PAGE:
|Part of the common law series|
|Defenses against formation|
|Excuses for non-performance|
|Rights of third parties|
|Breach of contract|
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|Other common law areas|
Hardship clause is a clause in a contract that is intended to cover cases in which unforeseen events occur that fundamentally alter the equilibrium of a contract resulting in an excessive burden being placed on one of the parties involved.
Hardship clauses typically recognize that parties must perform their contractual obligations even if events have rendered performance more onerous than would reasonably have been anticipated at the time of the conclusion of the contract.
However, if continued performance has become excessively burdensome because of an event beyond a party's reasonable control that it could not reasonably have been expected to have taken into account, the clause can obligate the parties to negotiate alternative contractual terms to allow for the consequences of the event reasonably.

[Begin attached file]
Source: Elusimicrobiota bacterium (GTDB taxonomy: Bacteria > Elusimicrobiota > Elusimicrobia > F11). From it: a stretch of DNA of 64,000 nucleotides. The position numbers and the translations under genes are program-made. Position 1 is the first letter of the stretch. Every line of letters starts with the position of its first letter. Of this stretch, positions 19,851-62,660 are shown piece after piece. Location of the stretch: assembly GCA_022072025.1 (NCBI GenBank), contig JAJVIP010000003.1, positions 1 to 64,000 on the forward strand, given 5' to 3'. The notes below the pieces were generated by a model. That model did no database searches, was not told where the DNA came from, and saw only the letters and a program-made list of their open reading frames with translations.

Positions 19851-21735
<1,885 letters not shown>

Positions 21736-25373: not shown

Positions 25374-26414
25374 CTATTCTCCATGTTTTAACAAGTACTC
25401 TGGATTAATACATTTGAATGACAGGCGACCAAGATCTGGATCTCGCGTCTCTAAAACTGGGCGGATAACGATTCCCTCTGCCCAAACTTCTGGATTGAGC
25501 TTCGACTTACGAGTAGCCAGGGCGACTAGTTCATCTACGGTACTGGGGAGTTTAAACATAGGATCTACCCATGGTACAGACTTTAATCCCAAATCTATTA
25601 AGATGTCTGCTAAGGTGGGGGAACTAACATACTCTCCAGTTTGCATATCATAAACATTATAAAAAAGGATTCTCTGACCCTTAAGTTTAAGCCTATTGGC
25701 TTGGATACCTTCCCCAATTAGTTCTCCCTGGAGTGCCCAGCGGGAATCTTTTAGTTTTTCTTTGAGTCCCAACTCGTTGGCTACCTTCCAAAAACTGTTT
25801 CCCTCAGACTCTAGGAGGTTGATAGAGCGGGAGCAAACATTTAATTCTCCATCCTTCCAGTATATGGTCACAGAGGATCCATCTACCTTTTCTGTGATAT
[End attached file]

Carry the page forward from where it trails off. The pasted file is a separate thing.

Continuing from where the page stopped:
Relation to force majeure
The hardship clause is sometimes used in relation to force majeure, particularly because they share similar features and they both cater to situations of changed circumstances. The difference between the two concepts is that hardship is the performance of the disadvantaged party becoming much more burdensome but still possible. Force majeure refers to a party's contractual requirements have become impossible, at least temporarily.
Hardship is a reason for a change in the contractual program of the parties. The aim of the parties remains to implement the contract. Force majeure, however, is situated in the context of nonperformance and deals with the suspension or termination of the contract.
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